Greenland begins to come in from the cold


First timber cut in Greenland – July, 2005

As world leaders grapple with the perils of climate change, there are parts of the globe where warmer temperatures are welcomed.

The last decade has brought with it markedly higher summer temperatures in the arctic North. In southern Greenland farmers have planted fields of potatoes as the growing season has lengthened.

Plans are afoot to establish forests of Siberian Larch on this windswept and treeless island.

For Greenlanders, all 56,000 of them, the long-term prospect of being able to “grow their own”, from tomatoes to timber, is little short of intoxicating.

Eighty percent of Greenland is covered in ice. For thousands of years Inuit peoples have eked out a precarious living along the coastal fringe, reliant on the sea’s bounty: fish, seals and whales.

But now the climate is changing, and so too are the traditional rhythms of Inuit life…

“We understand that this is a global issue,” Greenland’s softly-spoken premier Kuupik Kleist told me in the capital Nuuk, “but we see opportunities as well as challenges. I want a Greenland that is open to those opportunities.”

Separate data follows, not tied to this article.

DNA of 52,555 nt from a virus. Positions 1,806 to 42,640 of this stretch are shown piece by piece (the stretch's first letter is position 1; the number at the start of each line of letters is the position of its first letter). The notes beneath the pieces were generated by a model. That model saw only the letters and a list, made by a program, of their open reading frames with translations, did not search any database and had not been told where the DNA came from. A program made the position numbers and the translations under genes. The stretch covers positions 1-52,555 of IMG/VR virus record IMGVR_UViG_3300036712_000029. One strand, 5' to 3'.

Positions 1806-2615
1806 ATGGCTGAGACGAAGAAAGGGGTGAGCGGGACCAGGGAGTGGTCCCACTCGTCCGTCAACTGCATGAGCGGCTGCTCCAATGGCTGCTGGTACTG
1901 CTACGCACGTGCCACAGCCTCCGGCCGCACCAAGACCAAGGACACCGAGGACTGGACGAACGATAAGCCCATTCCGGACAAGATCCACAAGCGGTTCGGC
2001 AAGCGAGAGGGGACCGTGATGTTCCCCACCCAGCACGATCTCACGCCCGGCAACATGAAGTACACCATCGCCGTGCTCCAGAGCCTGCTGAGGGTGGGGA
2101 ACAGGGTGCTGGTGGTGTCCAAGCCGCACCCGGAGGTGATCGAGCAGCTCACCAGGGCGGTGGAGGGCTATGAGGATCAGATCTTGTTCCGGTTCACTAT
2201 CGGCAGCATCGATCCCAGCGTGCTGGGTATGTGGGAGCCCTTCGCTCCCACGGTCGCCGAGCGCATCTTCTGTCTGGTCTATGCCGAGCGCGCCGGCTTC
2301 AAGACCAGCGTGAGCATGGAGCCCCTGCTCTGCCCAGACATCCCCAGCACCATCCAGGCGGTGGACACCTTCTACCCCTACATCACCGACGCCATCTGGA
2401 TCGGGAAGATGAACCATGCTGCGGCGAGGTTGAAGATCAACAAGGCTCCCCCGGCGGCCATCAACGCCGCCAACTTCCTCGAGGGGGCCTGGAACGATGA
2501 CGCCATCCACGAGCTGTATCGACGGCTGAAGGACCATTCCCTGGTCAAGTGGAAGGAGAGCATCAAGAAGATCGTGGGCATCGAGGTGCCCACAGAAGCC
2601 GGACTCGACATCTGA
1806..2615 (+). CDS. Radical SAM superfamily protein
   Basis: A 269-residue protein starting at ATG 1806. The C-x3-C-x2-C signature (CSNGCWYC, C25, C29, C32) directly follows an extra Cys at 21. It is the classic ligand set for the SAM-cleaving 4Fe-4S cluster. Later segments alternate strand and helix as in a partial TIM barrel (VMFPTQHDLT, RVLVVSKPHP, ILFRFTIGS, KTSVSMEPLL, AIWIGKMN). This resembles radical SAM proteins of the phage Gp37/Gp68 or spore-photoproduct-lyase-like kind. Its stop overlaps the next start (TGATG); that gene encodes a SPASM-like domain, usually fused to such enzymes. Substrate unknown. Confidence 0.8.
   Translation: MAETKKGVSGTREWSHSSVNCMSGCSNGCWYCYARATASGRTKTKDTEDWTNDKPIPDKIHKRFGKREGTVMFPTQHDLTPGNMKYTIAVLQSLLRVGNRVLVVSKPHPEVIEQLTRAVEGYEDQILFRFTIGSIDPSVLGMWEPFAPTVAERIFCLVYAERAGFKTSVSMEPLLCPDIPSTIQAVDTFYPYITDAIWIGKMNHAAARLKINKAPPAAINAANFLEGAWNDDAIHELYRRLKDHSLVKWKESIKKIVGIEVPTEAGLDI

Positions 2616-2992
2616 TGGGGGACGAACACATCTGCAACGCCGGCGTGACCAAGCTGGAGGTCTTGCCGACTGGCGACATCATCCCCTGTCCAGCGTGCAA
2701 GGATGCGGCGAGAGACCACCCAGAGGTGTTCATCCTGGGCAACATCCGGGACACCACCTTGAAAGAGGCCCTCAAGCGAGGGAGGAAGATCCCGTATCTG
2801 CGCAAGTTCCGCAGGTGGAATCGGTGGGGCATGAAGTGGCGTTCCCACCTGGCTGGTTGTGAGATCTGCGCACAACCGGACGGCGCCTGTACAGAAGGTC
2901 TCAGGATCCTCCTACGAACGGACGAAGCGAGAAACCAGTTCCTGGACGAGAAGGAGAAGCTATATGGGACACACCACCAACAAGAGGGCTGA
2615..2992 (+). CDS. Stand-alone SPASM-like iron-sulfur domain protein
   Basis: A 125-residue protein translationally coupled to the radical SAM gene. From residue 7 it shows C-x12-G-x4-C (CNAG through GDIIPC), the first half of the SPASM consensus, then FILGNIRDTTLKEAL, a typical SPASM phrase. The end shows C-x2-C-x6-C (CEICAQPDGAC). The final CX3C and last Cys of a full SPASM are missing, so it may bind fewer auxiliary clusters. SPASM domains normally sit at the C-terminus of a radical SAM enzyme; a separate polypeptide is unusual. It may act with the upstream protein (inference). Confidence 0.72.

This summer Greenland was granted self-rule by Denmark, the old colonial power. Crucially, the new settlement puts control of potentially vast resources in local hands.

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For all you students who would like to major in beer…

A fully functioning micro-brewery is to be built at The University of Nottingham. The facility will enhance its world leading teaching and research in brewing science.

The £2 million state-of-the-art brewing research facility is being built and operated by SABMiller — one of the world’s largest brewing companies. It will be used to research new technologies for the brewing industry aimed at reducing the amount of energy required in the production process by optimising the fermentation process while maintaining beer quality.